China is currently the world’s fastest growing market for solar energy, and these two images of solar panels in the Gobi Desert, captured by the Advanced Land Imager on the Earth Observing-1 satellite in 2009 and 2015 respectively, demonstrate the country’s growing demand for solar energy in just six years. The first solar farms were built on the outskirts of the town of Dunhuang in Gusan Province by the National Energy Administration (NEA) in 2009, but with limited urban space, the NEA decided to expand their solar farms into the Gobi Desert to take advantage of the abundant sunlight and empty land. After the NEA installed 8 GW worth of solar panels in 2014, China became the world’s largest market for solar energy, with a total capacity of more than 28 GW. In 2015 alone, China is reportedly already increasing solar panel capacity by at least 5 GW.
However, that 28 GW of solar power constitutes only 2.1% of China’s total energy production, with coal still the leading energy source. Solar energy is also notoriously difficult to harness efficiently, and China is still figuring out how to more effectively transmit solar power to more populated regions in the south using appropriate power grid systems. Even so, the solar panel industry remains a booming field, mainly due to growing domestic and international demand for greener energy, especially in Japan in the aftermath of the Fukushima nuclear catastrophe.
The new synthetic polymer material creates an instant scaffold, sort of like stacked gumballs, that allows new tissue to latch on and grow within the cavities formed between linked spheres of gel.
Conventionally, ointments and other hydrogel dressings have been used to fill in wounds to keep the areas moist and accelerate healing. But none of the materials used now provide a scaffold to allow new tissue to grow while the dressing itself degrades. As a result, the new tissue growth is relatively slow and fragile.
So bringing about an injectable biomaterial that promotes rapid regeneration of tissue has been a “holy grail” in the field of tissue engineering, said co-principal investigator Dino Di Carlo.
They envision the material being useful for a wide variety of wound application, including lacerations to large-area burns.
UC Berkeley researchers have also been developing new approaches to tissue engineering. Last March, their advancement in “herding cells” marked a new direction for smart bandages.
That last characteristic got engineers thinking, what if it were possible to impart Mother Nature’s design for silent owl wings into things like wind turbines, allowing them to quietly operate at higher speeds and generate megawatts of additional power?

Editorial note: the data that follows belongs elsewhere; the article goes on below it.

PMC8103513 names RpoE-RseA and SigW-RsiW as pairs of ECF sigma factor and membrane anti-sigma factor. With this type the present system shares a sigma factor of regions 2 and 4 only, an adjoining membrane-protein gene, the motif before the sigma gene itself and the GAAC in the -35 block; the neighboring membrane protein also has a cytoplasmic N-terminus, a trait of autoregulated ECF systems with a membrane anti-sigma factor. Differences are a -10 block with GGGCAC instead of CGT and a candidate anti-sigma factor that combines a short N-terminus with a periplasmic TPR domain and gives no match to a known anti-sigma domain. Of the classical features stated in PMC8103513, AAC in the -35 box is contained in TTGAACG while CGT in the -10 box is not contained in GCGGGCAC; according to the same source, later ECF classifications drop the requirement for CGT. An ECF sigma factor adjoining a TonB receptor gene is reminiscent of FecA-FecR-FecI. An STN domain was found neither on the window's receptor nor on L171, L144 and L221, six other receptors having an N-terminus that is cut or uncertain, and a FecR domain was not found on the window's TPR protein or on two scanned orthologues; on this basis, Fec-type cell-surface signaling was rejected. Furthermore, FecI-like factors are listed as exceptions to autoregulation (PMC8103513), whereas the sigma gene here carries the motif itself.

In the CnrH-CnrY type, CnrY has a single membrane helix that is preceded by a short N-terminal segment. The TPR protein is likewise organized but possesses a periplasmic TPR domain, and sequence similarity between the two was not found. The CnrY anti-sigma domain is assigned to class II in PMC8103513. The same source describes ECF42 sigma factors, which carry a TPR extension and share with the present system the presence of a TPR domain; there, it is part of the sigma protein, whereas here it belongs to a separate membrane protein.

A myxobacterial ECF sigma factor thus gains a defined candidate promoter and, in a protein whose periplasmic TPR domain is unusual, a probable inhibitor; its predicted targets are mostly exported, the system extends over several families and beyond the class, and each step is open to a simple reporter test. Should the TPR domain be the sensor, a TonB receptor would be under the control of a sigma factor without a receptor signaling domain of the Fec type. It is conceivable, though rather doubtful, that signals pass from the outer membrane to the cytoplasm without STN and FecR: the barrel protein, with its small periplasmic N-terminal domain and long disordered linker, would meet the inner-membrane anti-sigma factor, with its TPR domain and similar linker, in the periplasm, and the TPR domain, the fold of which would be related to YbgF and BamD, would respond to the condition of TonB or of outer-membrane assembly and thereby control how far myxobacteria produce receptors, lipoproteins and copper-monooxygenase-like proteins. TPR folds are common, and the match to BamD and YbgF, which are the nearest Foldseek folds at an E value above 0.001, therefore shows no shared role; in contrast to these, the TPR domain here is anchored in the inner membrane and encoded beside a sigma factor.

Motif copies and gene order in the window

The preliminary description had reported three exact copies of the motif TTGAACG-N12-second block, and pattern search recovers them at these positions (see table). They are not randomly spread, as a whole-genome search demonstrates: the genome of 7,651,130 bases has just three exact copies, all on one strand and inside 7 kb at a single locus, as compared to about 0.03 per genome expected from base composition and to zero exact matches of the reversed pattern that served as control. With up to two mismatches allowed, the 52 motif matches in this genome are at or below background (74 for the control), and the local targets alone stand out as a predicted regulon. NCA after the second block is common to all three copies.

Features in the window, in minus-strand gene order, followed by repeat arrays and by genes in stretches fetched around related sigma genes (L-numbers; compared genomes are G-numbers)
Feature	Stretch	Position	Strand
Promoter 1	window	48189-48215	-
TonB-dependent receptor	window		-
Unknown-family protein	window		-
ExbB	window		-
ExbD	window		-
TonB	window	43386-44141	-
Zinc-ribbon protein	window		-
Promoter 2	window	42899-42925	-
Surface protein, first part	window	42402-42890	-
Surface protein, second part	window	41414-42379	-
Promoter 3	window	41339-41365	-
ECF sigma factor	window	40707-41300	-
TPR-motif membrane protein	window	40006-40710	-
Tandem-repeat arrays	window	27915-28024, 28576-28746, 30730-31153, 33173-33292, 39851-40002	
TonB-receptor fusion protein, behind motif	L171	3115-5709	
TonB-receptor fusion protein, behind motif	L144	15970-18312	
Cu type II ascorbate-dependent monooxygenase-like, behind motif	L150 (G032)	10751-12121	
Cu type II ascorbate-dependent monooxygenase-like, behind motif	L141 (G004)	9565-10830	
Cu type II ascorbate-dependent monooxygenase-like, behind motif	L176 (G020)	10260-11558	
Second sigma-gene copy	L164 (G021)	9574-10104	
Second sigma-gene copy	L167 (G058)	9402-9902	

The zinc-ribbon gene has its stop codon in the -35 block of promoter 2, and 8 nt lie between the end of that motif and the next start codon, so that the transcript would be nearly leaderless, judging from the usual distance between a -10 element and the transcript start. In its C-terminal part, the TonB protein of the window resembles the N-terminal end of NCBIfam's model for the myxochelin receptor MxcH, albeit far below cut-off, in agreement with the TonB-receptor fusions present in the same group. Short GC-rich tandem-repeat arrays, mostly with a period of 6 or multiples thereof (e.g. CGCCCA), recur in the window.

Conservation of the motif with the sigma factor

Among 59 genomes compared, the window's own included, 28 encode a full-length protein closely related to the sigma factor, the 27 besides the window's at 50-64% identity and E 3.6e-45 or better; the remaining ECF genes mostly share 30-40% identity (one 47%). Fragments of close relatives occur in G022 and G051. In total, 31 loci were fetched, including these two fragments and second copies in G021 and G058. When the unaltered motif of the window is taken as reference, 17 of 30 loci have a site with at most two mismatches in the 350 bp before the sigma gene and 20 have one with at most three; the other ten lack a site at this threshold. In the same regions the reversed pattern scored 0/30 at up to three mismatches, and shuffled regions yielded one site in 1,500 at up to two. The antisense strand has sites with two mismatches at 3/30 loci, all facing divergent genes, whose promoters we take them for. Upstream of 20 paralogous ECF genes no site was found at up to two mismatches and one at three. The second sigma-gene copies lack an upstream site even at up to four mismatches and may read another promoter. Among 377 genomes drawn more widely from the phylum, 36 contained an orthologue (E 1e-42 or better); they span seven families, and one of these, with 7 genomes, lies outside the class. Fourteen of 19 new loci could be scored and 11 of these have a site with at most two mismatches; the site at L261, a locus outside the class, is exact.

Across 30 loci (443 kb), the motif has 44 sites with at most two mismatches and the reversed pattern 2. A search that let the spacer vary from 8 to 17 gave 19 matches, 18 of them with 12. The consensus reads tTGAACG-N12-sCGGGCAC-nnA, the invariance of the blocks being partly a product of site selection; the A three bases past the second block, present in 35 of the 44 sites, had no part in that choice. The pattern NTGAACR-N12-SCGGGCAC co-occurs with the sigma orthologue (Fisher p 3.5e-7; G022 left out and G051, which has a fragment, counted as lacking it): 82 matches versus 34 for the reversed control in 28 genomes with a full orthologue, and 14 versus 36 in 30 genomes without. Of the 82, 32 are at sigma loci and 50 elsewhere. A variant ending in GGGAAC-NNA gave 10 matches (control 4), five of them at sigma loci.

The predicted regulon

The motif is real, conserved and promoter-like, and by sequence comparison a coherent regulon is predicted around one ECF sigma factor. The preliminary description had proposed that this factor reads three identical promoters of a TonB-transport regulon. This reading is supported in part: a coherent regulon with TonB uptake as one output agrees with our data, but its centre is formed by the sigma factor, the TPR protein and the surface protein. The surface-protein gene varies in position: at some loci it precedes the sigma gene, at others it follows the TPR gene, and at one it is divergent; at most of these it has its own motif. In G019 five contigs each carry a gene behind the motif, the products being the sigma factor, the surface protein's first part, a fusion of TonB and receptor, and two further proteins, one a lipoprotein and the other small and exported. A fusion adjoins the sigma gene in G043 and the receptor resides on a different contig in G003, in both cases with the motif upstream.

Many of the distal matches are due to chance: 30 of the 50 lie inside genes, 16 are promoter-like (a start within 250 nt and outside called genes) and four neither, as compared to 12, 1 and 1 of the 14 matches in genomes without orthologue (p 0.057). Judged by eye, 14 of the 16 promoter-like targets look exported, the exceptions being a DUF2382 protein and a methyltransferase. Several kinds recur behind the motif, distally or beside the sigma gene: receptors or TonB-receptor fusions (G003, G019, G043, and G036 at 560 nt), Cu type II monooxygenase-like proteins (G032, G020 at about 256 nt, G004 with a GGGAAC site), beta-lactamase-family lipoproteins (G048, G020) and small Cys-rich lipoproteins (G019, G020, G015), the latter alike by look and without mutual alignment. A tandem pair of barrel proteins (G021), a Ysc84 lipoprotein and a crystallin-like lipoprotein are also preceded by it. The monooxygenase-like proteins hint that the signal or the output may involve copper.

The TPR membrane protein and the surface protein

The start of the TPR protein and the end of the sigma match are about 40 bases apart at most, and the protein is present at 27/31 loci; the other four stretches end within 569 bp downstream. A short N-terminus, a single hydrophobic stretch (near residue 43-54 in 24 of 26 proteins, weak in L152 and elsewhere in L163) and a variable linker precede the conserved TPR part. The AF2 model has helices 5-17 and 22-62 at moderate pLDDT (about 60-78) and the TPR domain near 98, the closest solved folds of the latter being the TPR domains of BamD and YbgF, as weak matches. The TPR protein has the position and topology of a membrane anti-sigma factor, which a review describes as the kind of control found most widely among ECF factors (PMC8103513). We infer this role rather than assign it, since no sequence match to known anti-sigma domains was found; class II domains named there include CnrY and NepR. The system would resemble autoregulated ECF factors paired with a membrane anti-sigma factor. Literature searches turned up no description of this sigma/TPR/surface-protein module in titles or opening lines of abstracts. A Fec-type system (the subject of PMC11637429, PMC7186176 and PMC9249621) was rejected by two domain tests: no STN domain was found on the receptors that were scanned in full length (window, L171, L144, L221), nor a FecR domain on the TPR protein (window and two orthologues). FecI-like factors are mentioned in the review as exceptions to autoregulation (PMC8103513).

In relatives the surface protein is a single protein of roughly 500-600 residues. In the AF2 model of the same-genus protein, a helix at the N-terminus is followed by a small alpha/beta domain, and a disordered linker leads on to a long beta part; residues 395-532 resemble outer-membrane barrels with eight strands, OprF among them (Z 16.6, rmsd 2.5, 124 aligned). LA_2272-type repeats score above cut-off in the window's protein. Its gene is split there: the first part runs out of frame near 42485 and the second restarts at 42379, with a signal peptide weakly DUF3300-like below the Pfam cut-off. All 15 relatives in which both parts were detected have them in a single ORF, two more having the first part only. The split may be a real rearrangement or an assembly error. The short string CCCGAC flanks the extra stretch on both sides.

Researchers at the University of Cambridge say they’ve taken some good steps toward doing just that, announcing this week their design for a new coating material that mimics the complex structure of an owl’s wing.
“No other bird has this sort of intricate wing structure,” said lead researcher Nigel Peake, in a news release. “Much of the noise caused by a wing - whether it’s attached to a bird, a plane or a fan - originates at the trailing edge where the air passing over the wing surface is turbulent. The structure of an owl’s wing serves to reduce noise by smoothing the passage of air as it passes over the wing - scattering the sound so their prey can’t hear them coming.”
To replicate the trailing-edge structure scientists looked a variety of designs, including covering wind turbines with a material that’s similar to that used in wedding veils. They also created a 3-D printed plastic material which, in tests, reduced noise generated by turbine blades by 10 decibels.
Interning at NASA is awesome!! …so I had to make some gifs
So the top gif is me sitting in front of NASA’s thermal testing chamber. At this time the chamber was heating up so I had a 45 min break before taking data again. We were testing HD video cameras that will be on the outside of the space station in a few months. They will mostly help with navigation and systems checking.
The second and last images are in front of one of NASA’s 360 degree virtual reality chambers. I’ll post more about these in the future, they are super cool and deserve a post all to their own. The third image is me programming in a good old Linux terminal.
…And the fourth image is me basking in the glory of an Saturn V rocket. This is the rocket that took us to the moon! If any of you ever get the opportunity to see one I highly recommend it.
So if you guys want to keep up with my NASA intern adventures I post about it about twice a week, check out astronomicalwonders.tumblr.com, and you can follow my adventures on twitter @astro_wonders if you so choose. also check out ourtech she’s the one in the last pic!
Researchers at Chalmers University of Technology have managed to print
and dry three-dimensional objects made entirely by cellulose for the
first time with the help of a 3D-bioprinter. They also added carbon
nanotubes to create electrically conductive material.
The effect is that
cellulose and other raw material based on wood will be able to compete
with fossil-based plastics and metals in the on-going additive
manufacturing revolution, which started with the introduction of the
Its creator, Chris Thorn, explained: “The X-ray image was made using minimal kV exposure with a micro-focus system. Exposure parameters were deliberately controlled to allow the complete natural form to be imaged, and to suppress invasive examination of the torso and cranial region”
Judges selected this image as they loved its classic horror like pose.